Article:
Spring Is the Perfect Time to Start Making Quiche Again
Dorie Greenspan shares her recipe for a bright asparagus-lemon quiche.
There’s something about baking quiche that makes me feel like I’m in a Nancy Meyers film. Rustic yet chic, comforting yet light, quiche is that treat at the boulangerie that tastes even better when it’s made from the rummages of your fridge.
And while it would be easy enough to turn to a classic cheese and bacon combo, spring has tempted us with its vibrant greens.
Seasoned baker Dorie Greenspan believes quiche is the kind of versatile recipe everyone should have in their back pocket. In her recent newsletter, xoxoDorie, Greenspan shared the Asparagus-Lemon Quiche recipe from her cookbook, Baking with Dorie.
“In every recipe that I possibly can, I like to add a touch of surprise,” she says. Here, the unexpected takes the form of lemon chunks and sour cream, which give the custard that little bit of zing.
But equally important are the in-season asparagus, which add an earthy, subtly sweet flavor. “When buying asparagus, you want to look for stalks that are smooth and firm—not wrinkled,” Greenspan says. And the tips should be tight. “Pretty as it is to see the tips kind of opening like a flower, that's not a young, fresh asparagus.”
Once you bring your asparagus home, you can test for freshness by breaking the lower woody section off with a snap, rather than a chop. “The asparagus will break at a natural point,” Greenspan says. “You don’t want wiggly, wobbly asparagus.”
As for the crust, you’ve got a few options, from pie crust to puff pastry. But Greenspan likes to opt for a pâte brisée, or tart dough, which is on the crisper side. Puff pastry, while nice and flaky, can feel too rich alongside the filling. “The custardy part is so creamy and wonderful, but it needs something to play against,” Greenspan explains. “I like when the crust is well-baked, so there's that contrast.”
And to achieve that hearty texture, Greenspan pre-bakes her quiche crust, using dried beans and rice to weigh it down. “It helps to avoid what the people on The Great British Bake Off call a soggy bottom,” she jokes.
Because quiche presents such an adaptable format, you can really have fun with the filling. To honor the season, you might want to add some peas, but if you don’t have time to run to the farmer’s market, pantry staples like chopped walnuts would make an excellent, textural addition.
Or play around with the herbs. “Something licorice-y like tarragon would be wonderful with asparagus or peas. Chives are great, too,” Greenspan explains. “If you think of the quiche almost as a salad, you can get creative about what you might want to add."
“If you think of the quiche almost as a salad, you can get creative about what you might want to add."
And when it comes to serving your custardy creation, it’s best alongside some leafy greens, a ton of herbs, and a simple olive oil-lemon dressing. Not only will this pairing be oh-so-French, but it will also allow the tart to be the shining star.
This quiche is best enjoyed day-of, but if you happen to have some leftovers, don’t be afraid to eat a slice cold—Greenspan actually prefers it this way. “When it’s chilled, the custard firms and you don’t get quite so much play, but it still holds more flavor than it would if reheated.”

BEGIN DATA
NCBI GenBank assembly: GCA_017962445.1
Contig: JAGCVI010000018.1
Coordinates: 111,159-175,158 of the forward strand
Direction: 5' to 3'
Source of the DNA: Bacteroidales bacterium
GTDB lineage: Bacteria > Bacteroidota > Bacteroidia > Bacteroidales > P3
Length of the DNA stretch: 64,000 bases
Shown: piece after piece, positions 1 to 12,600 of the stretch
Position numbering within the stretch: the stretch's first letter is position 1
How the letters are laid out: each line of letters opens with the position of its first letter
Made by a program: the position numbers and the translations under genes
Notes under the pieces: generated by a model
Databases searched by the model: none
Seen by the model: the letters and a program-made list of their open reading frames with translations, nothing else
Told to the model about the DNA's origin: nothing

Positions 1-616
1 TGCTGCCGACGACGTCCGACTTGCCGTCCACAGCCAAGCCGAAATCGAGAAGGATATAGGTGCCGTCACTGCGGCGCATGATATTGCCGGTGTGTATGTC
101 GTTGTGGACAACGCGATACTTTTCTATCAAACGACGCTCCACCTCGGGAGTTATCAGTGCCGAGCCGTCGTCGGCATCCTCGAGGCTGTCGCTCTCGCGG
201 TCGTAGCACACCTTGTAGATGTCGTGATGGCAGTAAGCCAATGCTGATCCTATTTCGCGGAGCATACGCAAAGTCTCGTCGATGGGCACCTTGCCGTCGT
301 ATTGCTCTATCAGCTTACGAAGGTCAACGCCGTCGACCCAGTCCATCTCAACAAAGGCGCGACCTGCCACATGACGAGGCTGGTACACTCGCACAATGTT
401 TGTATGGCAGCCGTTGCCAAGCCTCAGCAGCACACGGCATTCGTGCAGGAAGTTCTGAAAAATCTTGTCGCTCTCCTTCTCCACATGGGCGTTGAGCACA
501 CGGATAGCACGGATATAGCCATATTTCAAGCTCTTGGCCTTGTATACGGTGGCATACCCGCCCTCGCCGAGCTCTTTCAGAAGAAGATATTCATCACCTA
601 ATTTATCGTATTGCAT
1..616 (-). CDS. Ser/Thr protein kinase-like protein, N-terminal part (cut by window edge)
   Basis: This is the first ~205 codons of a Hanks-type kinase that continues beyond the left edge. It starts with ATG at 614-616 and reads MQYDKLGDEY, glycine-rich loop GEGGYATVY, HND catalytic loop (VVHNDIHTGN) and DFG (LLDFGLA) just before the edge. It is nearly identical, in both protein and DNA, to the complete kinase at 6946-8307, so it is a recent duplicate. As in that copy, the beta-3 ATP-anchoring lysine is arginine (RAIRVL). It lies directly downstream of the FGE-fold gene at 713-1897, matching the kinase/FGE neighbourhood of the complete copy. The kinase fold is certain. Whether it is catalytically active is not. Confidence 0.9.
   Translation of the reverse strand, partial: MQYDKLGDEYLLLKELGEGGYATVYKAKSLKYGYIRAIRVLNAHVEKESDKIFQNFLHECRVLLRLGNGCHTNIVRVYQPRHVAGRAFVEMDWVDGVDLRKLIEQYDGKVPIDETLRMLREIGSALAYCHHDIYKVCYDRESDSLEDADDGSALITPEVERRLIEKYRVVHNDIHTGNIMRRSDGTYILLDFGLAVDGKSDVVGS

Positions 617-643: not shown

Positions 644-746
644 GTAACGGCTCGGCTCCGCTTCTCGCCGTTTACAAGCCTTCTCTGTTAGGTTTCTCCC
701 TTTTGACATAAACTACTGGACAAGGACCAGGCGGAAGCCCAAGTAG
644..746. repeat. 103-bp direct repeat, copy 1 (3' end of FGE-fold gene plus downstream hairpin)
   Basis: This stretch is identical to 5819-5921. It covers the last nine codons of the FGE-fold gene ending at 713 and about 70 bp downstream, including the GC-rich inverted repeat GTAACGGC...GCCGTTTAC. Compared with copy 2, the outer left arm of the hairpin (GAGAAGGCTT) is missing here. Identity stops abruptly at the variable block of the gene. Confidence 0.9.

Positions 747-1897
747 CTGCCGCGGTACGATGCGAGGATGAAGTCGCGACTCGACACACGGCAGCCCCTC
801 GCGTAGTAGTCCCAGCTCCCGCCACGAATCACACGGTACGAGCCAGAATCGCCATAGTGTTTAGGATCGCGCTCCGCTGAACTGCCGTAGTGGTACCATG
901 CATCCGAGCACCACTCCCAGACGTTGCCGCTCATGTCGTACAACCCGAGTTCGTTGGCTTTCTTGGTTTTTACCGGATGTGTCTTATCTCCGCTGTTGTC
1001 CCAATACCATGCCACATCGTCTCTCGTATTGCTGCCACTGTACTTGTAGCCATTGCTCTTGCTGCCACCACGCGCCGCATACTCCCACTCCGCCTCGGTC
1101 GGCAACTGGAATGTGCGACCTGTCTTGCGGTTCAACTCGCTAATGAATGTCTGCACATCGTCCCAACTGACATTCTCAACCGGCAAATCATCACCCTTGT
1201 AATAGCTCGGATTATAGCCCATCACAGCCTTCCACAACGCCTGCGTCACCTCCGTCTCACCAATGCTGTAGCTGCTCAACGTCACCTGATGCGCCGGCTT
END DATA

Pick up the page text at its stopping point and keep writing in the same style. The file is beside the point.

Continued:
It’s this no-fuss nature that makes quiche perfect for enjoying in warm temperatures. “Now that the weather’s getting nice, it’s a great dish for outdoor parties. It’s good for brunch. And it even makes a nice, light supper,” she says. “Bring back the quiche!”
Asparagus-Lemon Quiche Recipe
Yield: 6 servings
- One 9- to 9 ½ -inch tart shell, homemade or store bought, partially baked and cooled
- 6 stalks asparagus (see above), trimmed
- 1½ teaspoons unsalted butter
- 2 small shallots or 1 small onion, finely minced
- Fine sea salt and freshly ground black pepper
- One ¼ -inch-thick slice lemon (including rind), cut into slivers
- 2 large eggs
- ½ cup (120 ml) heavy cream
- ⅓ cup (80 ml) sour cream
- ¼ cup (10 grams) minced mixed fresh herbs (see above)
- 2 tablespoons finely grated Parmesan (optional)
- Olive oil for brushing (optional)
1. Center a rack in the oven and preheat it to 400°F. Place the tart pan on a baking sheet lined with parchment paper or a baking mat.
2. Bring a large skillet of salted water to a boil. Drop in the asparagus and blanch for 3 minutes—blanch for just 90 seconds if you’ve got pencil asparagus (the asparagus shouldn’t be completely cooked), then drain in a colander, run under cold water and pat dry.
3. Cut off the asparagus tips—make them about 3 inches long. If your asparagus are thick, slice them lengthwise in half. Cut the remaining stalks on the bias into slices about ¼- 1to ½-inch wide. Wipe out the skillet.
4. Put the skillet over medium heat and add the butter. When it’s melted, toss in the shallots or onion and cook, stirring, just until softened, about 3 minutes. Season with salt and pepper and scrape into the crust, spreading them evenly. Scatter over the lemon and sliced asparagus stalks.
5. Whisk the eggs, cream, sour cream and herbs together in a bowl just until blended. Season with salt (about ¼ teaspoon) and pepper, then pour the mixture into the crust. Arrange the asparagus tips (cut side down if you’ve halved them) any way you’d like on top of the filling.
6. Bake the quiche for 25-30 minutes, sprinkling on the Parm, if using, after it has been in the oven for 20 minutes. The quiche is done when the custard is set—a tester will come out clean—and puffed. Transfer to a rack and if you like, brush some olive oil over the top, using only enough to give it a gloss.
7. Serve the quiche when it’s just warm or has come to room temperature.